Methamphetamine contamination in New Zealand homes overstated, says Drug Detection Agency boss

New Plymouth home owner Kerryanne Hopkins' house has tested positive for methamphetamine for a second time.
ANDY JACKSON/Fairfax NZ

New Plymouth home owner Kerryanne Hopkins' house has tested positive for methamphetamine for a second time.

The scale of methamphetamine contamination problems in New Zealand homes is being overstated, the head of the country's biggest drug detection company says.

Kirk Hardy, of The Drug Detection Agency, made the call as it was revealed a New Plymouth grandmother's home has again tested positive for the Class A drug.

Hardy said the statistics did not represent the majority of New Zealand households.

Just one session smoking methamphetamine can produce positive contamination test results.
Peter Drury

Just one session smoking methamphetamine can produce positive contamination test results.

"There is probably a bit of scaremongery going on in terms of how big the problem is," the former drug squad detective said.

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"Yes, it's bad but what we are talking about is very particular to one market and that's basically your rental or tenancy market.

But a New Zealand drug detection company boss says the problem of methamphetamine contamination in New Zealand homes is ...

But a New Zealand drug detection company boss says the problem of methamphetamine contamination in New Zealand homes is being overstated.

"You can't look at the statistics and say 'right we've got an epidemic or another leaky house syndrome'."

Hardy wanted to see national standards established and testers to have the proper qualifications and accreditation.

"You have got a number of different organisations out there testing using different methodology but there is no regulatory body around it.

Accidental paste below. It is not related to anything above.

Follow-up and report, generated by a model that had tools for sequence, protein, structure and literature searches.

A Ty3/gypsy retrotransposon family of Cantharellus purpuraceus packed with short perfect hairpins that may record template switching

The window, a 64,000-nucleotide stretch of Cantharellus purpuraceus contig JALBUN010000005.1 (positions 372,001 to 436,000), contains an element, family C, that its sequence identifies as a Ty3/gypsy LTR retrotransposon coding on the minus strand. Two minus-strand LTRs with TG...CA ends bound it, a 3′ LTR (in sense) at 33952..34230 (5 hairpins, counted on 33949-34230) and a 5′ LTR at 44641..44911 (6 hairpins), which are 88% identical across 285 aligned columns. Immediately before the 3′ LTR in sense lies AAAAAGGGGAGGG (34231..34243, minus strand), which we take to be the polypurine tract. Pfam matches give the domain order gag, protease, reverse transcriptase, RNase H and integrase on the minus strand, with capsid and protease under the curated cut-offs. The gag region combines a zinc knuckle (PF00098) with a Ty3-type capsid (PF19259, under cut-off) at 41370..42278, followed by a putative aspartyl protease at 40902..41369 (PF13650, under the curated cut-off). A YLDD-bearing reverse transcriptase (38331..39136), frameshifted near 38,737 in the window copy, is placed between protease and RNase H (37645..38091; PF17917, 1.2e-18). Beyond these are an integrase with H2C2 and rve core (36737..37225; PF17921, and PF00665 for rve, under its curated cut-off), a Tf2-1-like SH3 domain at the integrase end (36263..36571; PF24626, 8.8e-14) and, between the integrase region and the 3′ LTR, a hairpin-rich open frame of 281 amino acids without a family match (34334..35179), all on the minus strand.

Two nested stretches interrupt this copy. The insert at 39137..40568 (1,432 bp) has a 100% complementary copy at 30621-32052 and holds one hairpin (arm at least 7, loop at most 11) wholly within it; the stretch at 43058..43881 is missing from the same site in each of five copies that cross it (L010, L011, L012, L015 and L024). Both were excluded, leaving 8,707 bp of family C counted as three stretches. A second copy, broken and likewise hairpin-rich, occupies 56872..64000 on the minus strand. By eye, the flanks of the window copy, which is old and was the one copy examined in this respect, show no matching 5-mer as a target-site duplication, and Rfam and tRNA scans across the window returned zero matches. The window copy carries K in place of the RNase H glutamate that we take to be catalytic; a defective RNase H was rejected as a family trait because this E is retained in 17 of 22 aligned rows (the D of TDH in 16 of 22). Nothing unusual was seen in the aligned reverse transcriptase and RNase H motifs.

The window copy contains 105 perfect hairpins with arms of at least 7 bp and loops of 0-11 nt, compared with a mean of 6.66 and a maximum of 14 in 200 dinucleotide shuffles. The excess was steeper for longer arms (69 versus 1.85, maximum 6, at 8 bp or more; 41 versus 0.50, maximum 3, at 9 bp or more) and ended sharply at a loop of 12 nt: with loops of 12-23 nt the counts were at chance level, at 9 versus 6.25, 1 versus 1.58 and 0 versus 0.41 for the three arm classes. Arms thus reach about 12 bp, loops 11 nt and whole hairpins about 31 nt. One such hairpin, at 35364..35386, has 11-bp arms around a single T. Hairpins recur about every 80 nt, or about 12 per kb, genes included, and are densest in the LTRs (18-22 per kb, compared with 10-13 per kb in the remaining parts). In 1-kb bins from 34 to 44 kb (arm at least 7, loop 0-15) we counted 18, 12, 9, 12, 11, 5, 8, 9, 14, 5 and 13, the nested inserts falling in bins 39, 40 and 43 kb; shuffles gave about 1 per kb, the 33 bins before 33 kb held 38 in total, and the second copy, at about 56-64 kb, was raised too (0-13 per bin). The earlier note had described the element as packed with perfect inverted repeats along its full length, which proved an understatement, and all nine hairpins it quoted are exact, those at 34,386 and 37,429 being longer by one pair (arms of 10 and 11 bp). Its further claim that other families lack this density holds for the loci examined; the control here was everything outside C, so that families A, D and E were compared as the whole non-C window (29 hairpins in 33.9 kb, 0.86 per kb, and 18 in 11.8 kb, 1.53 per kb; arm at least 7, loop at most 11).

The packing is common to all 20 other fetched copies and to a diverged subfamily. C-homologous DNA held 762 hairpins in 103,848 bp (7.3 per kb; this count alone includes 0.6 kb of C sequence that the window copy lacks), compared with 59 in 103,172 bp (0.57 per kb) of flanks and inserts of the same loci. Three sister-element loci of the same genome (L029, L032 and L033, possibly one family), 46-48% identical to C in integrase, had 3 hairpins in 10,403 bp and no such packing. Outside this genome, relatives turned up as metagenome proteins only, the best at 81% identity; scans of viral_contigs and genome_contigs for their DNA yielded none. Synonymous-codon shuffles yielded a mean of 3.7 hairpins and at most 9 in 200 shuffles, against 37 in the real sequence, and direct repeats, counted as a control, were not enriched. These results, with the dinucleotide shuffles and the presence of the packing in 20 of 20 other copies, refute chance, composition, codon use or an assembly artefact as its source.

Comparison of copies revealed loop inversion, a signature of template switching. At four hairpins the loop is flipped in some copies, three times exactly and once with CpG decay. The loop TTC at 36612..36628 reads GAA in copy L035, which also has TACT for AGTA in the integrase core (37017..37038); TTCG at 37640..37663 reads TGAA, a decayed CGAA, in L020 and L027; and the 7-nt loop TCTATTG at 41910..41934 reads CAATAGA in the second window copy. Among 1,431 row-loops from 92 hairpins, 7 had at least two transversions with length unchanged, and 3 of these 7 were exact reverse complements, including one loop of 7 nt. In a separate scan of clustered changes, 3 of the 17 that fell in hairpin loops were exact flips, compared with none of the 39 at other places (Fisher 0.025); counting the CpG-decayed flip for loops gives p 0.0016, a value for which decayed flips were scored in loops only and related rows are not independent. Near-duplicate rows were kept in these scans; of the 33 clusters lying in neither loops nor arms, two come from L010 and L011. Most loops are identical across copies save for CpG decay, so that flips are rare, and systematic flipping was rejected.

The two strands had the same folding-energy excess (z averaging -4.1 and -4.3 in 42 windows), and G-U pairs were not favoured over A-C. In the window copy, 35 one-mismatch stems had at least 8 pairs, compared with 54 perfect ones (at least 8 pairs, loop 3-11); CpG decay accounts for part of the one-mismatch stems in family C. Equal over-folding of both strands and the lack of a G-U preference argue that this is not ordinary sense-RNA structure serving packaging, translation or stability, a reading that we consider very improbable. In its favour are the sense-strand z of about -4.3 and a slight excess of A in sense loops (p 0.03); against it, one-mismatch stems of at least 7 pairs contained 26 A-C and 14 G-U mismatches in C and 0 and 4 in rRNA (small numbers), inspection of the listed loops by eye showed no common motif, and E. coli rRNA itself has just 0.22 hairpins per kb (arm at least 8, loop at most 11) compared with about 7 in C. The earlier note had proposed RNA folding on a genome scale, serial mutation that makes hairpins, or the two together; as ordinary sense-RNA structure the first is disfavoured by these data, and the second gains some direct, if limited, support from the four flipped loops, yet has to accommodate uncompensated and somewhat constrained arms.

A house on sale in Auckland was stripped bare and it's walls knocked down after being tested for methamphetamine.
Supplied

A house on sale in Auckland was stripped bare and it's walls knocked down after being tested for methamphetamine.

"What we've seen happen in the last three years, a lot of people with no experience in the drug scene or really no experience in what to look for with clandestine laboratories jump on the market."

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His call for national standards were echoed by Harcourts chief executive Chris Kennedy.

"In my investigations I've found that the testers and cleaners have differing viewpoints on the severity of contamination and the methods for decontamination," Kennedy said.

"We need some standards put into place to protect consumers and the government needs to take the lead on this." 

Kerryanne Hopkins is facing a hefty bill to clean the two bedroom unit on Frankley Rd that she bought in October 2015.

The 49-year-old made the shocking discovery that her house had been contaminated when she tried to sell the property and some potential buyers had it tested.

Hopkins, who wants drug testing to be made mandatory when properties changed hands, cleaned her home from top to bottom and arranged for her own testing to be done to identify where the contamination was.

"Well my bedroom is the worse, quite a high reading, they'd obviously been sitting in bed all night puffing up large," she said.

Ministry of Health guidelines state levels must be below 0.5 micrograms/100cm2 (square centimetres).

The second bedroom and kitchen showed traces of methamphetamine but the rumpus room test also exceeded Ministry of Health guidelines.

Hopkins, who had since moved out of her bedroom and into the lounge, said she had been told it would cost thousands to clean her home, so she planned to have another go herself before getting the house tested again.

"I will strip all varnish off bedroom wall, wash walls with isopropyl alcohol and re-sugar soap then oil walls and hopefully I'll be OK."

She also wanted to see national guidelines established for testing standards to remove "cowboys" from the industry.

Hopkins said she had been overwhelmed with positive feedback and messages of support since she went public with the issue.

 

 - Stuff

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